RALEIGH — Four North Carolina teachers will get new tools and technology to help teach about outer space and inspire and empower students in the field of space exploration, including H. Lee Hurst of Piedmont Middle School, according to the office of N.C Governor Roy Cooper.

The space education bundles are valued at $5,000 each and include a large Mars or Moon learning map, Mimio Mybot educational robotics system, a Lunar or Mars Pro Globe with augmented reality technology, and other resources.

Educators teaching 5th-8th grade could apply for the competition through the North Carolina Business Committee for Education (NCBCE), a business-led, education non-profit within the Governor’s Office. The Moon and Mars Bundles were donated by Public Consulting Group and the Aldrin Family Foundation.

Winning teachers include: Vanessa Lail of Grandview Middle School (Hickory Public Schools), Andrea Gladden of East Burke Middle School (Burke County Schools), Elizabeth Sanderson of Hope Middle School (Pitt County Schools) and Hurst, who represents Piedmont Middle School and Union County Public Schools.

“Teachers can be the spark that inspires students to follow a promising career path like space exploration. It’s exciting to see students interested in science and math because we need more young people in our workforce pursuing STEM careers,” Governor Roy Cooper said in a statement.

A total of 27 educators applied statewide for the competition by writing two paragraphs about what space exploration means to them and what winning these bundles would provide to their counties.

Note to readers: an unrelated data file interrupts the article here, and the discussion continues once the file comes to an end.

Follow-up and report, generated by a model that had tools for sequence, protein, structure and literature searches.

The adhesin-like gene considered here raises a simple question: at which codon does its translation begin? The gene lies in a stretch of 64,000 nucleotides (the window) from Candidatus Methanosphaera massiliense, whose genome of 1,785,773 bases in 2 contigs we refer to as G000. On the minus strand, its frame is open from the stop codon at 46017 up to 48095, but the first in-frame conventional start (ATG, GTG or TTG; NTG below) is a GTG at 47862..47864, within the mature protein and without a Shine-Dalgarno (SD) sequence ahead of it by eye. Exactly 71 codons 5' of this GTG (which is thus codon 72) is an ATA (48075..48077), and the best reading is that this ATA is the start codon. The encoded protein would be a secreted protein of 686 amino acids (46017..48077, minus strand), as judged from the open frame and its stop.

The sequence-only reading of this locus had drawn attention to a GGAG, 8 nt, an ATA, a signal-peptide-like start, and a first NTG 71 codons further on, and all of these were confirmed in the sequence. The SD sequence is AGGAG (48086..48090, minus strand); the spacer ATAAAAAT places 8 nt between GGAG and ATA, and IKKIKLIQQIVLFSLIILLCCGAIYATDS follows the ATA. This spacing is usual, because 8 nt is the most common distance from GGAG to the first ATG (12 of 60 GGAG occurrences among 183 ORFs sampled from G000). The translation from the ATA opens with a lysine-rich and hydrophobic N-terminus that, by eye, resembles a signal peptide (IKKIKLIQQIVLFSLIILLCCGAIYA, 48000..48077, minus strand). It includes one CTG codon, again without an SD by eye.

“As part of our 35th Anniversary, PCG employees who live, work, and play in North Carolina are proud to support public school teachers and students who are excited about space. Whether they go on to NC State University or get a technical certificate from Duke Energy‘s Apprentice Program, learning about space exploration and colonization is going to prepare these students for the future. It is very exciting,” said Tony McLean Brown of Public Consulting Group in the statement.

The contest grew out of an online conference sponsored by NCBCE last year to help educators with remote learning. The Aldrin Family Foundation presented at the NC Student Connect Conferenceswhere they provided useful knowledge and tools for NC STEM teachers on how to incorporate space exploration into their classes to increase interactivity and interest. The session left teachers across North Carolina excited and interested in finding more ways to engage their students in learning about space.

The Aldrin Family Foundation, along with Public Consulting Group, decided to award four of the large bundles to North Carolina STEM teachers.

Space-related careers include astronauts, engineers, space suit designers, satellite technicians, communications experts and other STEM (science technology engineering and math) jobs.